Elm – Linthal, 25 km | 16 mi

Stage 5:

Linthal – Urner Boden, 16 km | 10 mi

Stage 6:

Urner Boden – Altdorf, 27 km | 17 mi

Stage 7:

Altdorf – Engelberg, 29 km | 18 mi

Stage 8:

Engelberg – Engstlenalp, 12 km | 7 mi

Stage 9:

Engstlenalp – Meiringen, 22 km | 14 mi

Stage 10:

Meiringen – Grindelwald, 23 km | 14 mi

Stage 11:

Grindelwald – Lauterbrunnen, 20 km | 12 mi

Stage 12:

Lauterbrunnen – Griesalp, 22 km | 14 mi

Stage 13:

Griesalp – Kandersteg, 17 km | 11 mi

Stage 14:

Kandersteg – Adelboden, 16 km | 10 mi

Stage 15:

Adelboden – Lenk, 14 km | 9 mi

Stage 16:

Lenk – Gstaad, 22 km | 14 mi

Stage 17:

Gstaad – L’Etivaz, 16 km | 10 mi

Stage 18:

L’Etivaz – Rossinière, 14 km | 9 mi

Stage 19:

Rossinière – Rochers de Naye, 19 km | 12 mi

Stage 20:

Rochers de Naye – Montreux, 13 km | 8 mi


When hiking the Via Alpina, you can choose from many accommodations every day, from luxury stays to the more basic accommodations. The stages end almost always in a mountain village where you’ll find hotels, B&Bs, and hostels. Sometimes you find a Swiss Youth Hostel and sometimes you can also choose to sleep in some mountain huts along the way. Especially on stages 12 and 13, it’s a great idea to sleep in the Rotstockhütte and Blümlisalphütte. Make sure you book the accommodations in advance. These will not be available to book only a few days in advance when you’re hiking the trail. It might be a bit pricier but there will always be accommodation for you. However, for the mountain huts, you should book at least three months in advance.

Best time of the year

The best time of the year to hike the Via Alpina 1 is generally from late spring June to early autumn in September. These periods typically offer a better balance of better weather in the mountains, longer daylight hours, and less chance of snow-packed trails. When you go hiking earlier in the season you may find snowfields on your way or if you go later you might end up in a snowstorm. Also, not all accommodations are open off-season.

Safety & Gear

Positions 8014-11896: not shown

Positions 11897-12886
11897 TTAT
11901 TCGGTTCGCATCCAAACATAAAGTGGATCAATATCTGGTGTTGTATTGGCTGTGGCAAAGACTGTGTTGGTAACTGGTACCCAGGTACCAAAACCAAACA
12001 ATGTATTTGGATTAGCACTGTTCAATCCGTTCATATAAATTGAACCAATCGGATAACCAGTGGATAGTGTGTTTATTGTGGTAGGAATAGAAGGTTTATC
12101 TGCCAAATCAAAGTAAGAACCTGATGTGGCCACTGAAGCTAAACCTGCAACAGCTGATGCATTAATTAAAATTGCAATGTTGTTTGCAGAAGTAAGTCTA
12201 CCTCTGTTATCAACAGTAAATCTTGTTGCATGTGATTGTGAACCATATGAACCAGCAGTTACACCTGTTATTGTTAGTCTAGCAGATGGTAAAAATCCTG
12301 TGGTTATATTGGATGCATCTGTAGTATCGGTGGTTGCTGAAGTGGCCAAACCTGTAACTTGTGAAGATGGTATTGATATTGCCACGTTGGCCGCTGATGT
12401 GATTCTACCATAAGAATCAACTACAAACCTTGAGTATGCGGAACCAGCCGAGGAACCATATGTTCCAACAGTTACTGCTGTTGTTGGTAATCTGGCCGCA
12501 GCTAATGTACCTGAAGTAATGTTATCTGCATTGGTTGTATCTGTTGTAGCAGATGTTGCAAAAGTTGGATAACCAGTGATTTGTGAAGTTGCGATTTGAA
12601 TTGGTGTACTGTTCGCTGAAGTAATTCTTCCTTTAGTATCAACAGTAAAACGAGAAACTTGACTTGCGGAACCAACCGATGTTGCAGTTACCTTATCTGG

The Via Alpina 1 demands an understanding of the environment. The Alps are known for their unpredictable weather, where sunny skies can swiftly turn into rain or thunderstorms, especially at higher altitudes.

Detailed planning is key for a successful hike. The official Switzerland Mobility website provides comprehensive resources, including detailed route descriptions, maps, and practical tips. Whether you’re planning your daily mileage or looking for accommodation options along the trail, these resources are invaluable for ensuring a smooth and enjoyable trek.


Of course, you will bring your hiking shoes with good grip, but the key to staying comfortable on the high-altitude mountain trails lies in adaptable clothing. Layering allows you to adjust to changing temperatures and conditions seamlessly. Start with a base layer to wick sweat, followed by an insulating layer for warmth, and top it off with a waterproof and windproof hardshell to fend off the elements. Pack your down jacket for the cool mornings and chilly evenings.

Good to know

The Via Alpina 1 is a physically demanding hike. The trails aren’t too technical. However, you often walk in alpine terrain, frequently above the tree line, and nearly every day you cross a mountain pass. Prepare physically by walking a lot with a backpack and be alert to rapidly changing weather conditions in the mountains by keeping an eye on the weather forecast.

Point to point
Highest point
2778m (9114 ft)


Cover guidebook Via alpina 1

Via Alpina 1

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Terms of Use: important to all visitors on this website. We strive to publish high quality content and information on this website. However it’s always possible that we’re missing out on some crucial information. In spite of the fact that this route, associated GPS track (GPX and maps) were prepared under diligent research by the specified contributor and/or contributors, the accuracy of such and judgement of the author is not guaranteed. Therefore, and contributors are in no way liable for personal injury, damage to personal property, or any other such situation that might happen to individuals hiking or following this route. Should you choose to hike this trail, this is always at your own risk. Check out our guidelines for safety hiking and Leave No Trace principles at the hiking 101 page.